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Economy's Impact on Restaurant Food continued...

Some restaurants are shrinking portions of meat and adding more vegetables and starches. More steamed broccoli is a good thing, but watch out for plates heaped with starches heavy in calories and saturated fat, such as buttery mashed potatoes and noodles in a cream sauce.

Other restaurants are leaving portion sizes alone but switching from more expensive, leaner cuts of meat, like tenderloin and pork chops, to fattier meats such as pork shoulder (Boston butt), spare ribs, beef short ribs, and chuck roast.

Here's another restaurant secret: For the best bargains and the most nutrients, stick to the center of the menu. Entrees usually have lower markups and more nutritional balance than other parts of a menu, like desserts, beverages and appetizers. A non-chocolate dessert may cost more than four times as much as the ingredients it contains. Lobster, on the other hand, is priced much closer to what it actually costs the restaurant, says Kevin Gillespie, executive chef at Woodfire Grill in Atlanta.

Small plates that are scaled-down versions of entrees can be a good deal. But watch how many you order, to keep calories and costs under control. Restaurants that have switched to small plates report higher check averages, because customers typically order more food.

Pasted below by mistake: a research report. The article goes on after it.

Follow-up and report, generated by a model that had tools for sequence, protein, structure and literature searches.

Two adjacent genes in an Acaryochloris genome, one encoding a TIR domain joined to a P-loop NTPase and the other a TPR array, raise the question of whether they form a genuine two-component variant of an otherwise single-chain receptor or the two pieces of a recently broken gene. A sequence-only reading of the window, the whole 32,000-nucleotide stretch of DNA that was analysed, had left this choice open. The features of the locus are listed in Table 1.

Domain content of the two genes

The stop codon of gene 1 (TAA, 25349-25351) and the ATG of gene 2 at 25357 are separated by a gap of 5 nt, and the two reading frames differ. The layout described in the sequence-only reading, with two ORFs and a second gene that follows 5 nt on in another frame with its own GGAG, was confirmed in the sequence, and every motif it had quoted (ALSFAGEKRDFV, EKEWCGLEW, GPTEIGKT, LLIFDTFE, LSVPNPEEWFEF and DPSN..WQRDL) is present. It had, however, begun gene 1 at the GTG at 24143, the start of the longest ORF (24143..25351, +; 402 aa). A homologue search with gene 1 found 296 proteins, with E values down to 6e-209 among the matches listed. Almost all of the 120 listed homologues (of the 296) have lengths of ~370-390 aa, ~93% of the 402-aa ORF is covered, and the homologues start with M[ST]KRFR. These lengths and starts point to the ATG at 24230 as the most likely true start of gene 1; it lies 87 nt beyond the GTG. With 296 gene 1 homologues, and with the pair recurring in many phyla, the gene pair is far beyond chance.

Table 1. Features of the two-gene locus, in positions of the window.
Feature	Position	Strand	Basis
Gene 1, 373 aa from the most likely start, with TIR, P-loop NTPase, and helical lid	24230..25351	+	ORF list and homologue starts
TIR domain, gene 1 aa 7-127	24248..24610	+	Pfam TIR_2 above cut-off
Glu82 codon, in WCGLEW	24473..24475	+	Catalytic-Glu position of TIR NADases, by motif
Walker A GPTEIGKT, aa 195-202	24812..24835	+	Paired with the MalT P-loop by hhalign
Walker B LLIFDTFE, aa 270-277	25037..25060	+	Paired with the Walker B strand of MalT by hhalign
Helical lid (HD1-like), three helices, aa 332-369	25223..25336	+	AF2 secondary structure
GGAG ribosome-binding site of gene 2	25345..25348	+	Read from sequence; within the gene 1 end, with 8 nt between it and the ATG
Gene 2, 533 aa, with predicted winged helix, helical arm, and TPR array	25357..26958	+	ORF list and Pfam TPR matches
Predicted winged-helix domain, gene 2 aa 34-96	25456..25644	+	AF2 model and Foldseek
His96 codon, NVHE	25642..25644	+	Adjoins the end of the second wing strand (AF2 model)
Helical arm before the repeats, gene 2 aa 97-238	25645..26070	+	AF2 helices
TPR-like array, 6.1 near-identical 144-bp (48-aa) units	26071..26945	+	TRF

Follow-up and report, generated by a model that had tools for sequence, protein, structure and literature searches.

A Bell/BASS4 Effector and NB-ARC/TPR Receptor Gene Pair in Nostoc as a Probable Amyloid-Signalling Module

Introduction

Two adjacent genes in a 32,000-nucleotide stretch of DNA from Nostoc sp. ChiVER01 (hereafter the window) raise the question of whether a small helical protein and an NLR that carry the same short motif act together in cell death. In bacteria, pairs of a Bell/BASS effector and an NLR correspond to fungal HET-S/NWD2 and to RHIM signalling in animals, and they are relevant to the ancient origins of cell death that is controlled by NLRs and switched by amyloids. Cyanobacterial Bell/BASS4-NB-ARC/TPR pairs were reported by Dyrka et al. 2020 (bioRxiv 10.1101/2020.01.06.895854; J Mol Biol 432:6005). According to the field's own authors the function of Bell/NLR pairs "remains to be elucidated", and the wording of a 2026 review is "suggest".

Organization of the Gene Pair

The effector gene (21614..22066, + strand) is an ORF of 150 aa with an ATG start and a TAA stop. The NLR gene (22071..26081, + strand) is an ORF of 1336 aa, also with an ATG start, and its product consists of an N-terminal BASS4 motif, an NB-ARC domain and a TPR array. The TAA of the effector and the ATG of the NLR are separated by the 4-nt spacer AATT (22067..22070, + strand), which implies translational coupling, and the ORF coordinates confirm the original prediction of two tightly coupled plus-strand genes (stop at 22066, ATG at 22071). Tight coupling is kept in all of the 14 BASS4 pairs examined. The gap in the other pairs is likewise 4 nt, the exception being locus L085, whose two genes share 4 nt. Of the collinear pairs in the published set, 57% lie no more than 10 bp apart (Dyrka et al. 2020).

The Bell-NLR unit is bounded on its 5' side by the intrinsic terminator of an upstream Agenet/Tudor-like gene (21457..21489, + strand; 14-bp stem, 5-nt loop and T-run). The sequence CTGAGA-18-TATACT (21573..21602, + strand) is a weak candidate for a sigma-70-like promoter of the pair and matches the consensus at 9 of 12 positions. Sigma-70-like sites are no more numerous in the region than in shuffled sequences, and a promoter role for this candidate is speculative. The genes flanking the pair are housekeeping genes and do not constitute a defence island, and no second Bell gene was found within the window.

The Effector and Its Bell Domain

Special Diets

On a special diet? Check a restaurant's web site before you go. Many restaurants, especially chain restaurants, include restaurant nutrition information about allergens, gluten-free foods, and diabetic exchanges online even if they don't disclose calories and other nutritional data.

Ask for a customized plate if you're on a restricted diet, but understand that not all restaurants can fulfill your request. While some chefs enjoy the creative challenge of preparing a low-sodium or low-fat meal, a special meal may be tougher at high-volume restaurants that may rely on meats or entrees prepared off-site.

Watch the Seafood

Be picky about seafood. Chef and author Anthony Bourdain clued foodies in to an unwritten restaurant secret -- never eat seafood on Mondays -- in Kitchen Confidential. That's because many restaurants, except a select group that specialize in fresh seafood, don't get deliveries over the weekend. And seafood deteriorates much more rapidly than meat and poultry.

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